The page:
Breaking down costs

The economic impact of violence model developed by the Institute for Economics and Peace (IEP) uses an accounting method that aggregates ten indicators related to containing, preventing and dealing with the consequences of violence. The model integrates both direct and indirect costs of violence as well as a ‘multiplier effect’. The multiplier effect calculates the additional economic activity that would have accrued if the direct costs of violence had been avoided.

When broken down by categories, the largest contributor to the economic impact of violence in 2017 was homicide, at 46 percent of the total impact in 2017, up from 42 percent in 2016. The total economic impact of homicide to the Mexican economy amounted to 2.18 trillion in 2017, equivalent to ten percent of Mexico’s GDP. Violent crime, which is comprised of robbery, assault and rape, was the second most expensive form of violence, representing 40 percent of the economic impact of violence, at 1.9 trillion pesos.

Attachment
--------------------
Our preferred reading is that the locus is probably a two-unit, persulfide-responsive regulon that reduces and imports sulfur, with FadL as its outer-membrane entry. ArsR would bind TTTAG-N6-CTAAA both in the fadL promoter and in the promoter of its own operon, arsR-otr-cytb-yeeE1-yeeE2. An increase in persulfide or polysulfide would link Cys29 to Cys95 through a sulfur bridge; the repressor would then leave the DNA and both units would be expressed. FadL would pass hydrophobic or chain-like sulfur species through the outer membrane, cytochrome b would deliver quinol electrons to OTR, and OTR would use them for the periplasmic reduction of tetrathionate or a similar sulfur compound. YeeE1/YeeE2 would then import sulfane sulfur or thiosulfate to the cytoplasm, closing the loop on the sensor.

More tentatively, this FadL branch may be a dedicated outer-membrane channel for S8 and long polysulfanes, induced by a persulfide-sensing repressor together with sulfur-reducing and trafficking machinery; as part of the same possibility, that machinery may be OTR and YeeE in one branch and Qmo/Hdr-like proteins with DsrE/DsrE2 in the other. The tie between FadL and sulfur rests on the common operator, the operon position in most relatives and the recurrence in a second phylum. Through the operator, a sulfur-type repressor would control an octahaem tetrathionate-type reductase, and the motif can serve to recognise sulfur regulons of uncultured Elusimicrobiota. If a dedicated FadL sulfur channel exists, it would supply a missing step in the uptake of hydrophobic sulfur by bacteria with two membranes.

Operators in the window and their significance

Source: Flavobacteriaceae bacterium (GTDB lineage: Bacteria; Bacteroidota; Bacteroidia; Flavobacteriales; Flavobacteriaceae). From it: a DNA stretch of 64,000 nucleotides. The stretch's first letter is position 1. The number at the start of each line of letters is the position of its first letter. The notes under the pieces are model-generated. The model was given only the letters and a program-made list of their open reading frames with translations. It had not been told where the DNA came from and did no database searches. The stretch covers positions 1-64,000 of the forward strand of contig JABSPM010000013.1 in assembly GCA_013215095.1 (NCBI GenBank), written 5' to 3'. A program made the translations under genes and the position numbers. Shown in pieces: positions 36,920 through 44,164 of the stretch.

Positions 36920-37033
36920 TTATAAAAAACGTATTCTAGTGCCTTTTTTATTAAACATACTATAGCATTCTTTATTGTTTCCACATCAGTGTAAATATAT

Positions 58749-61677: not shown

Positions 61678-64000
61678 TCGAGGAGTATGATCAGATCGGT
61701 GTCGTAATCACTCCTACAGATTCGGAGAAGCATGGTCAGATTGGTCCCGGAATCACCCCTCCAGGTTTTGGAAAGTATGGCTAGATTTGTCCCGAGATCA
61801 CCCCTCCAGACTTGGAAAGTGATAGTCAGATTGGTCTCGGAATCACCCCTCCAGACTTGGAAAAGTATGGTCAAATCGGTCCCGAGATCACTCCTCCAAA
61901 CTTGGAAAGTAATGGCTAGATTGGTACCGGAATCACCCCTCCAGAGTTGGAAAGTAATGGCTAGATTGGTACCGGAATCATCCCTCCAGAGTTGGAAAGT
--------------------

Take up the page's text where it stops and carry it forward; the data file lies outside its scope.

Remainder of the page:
In turn, federal government spending on activities aimed at reducing violence – military, internal security and justice system expenditure was 493 billion pesos, accounting for 10 percent of the total economic impact. The remaining three percent of economic losses are related to fear of violence, organized crime activity, household firearm purchases, and the costs of private security.

Overall, homicide and violent crime represented 87 percent of the economic impact of violence in 2017, as shown in Figure 1. This highlights that the impact from the consequences of violence is far larger than containment spending in Mexico.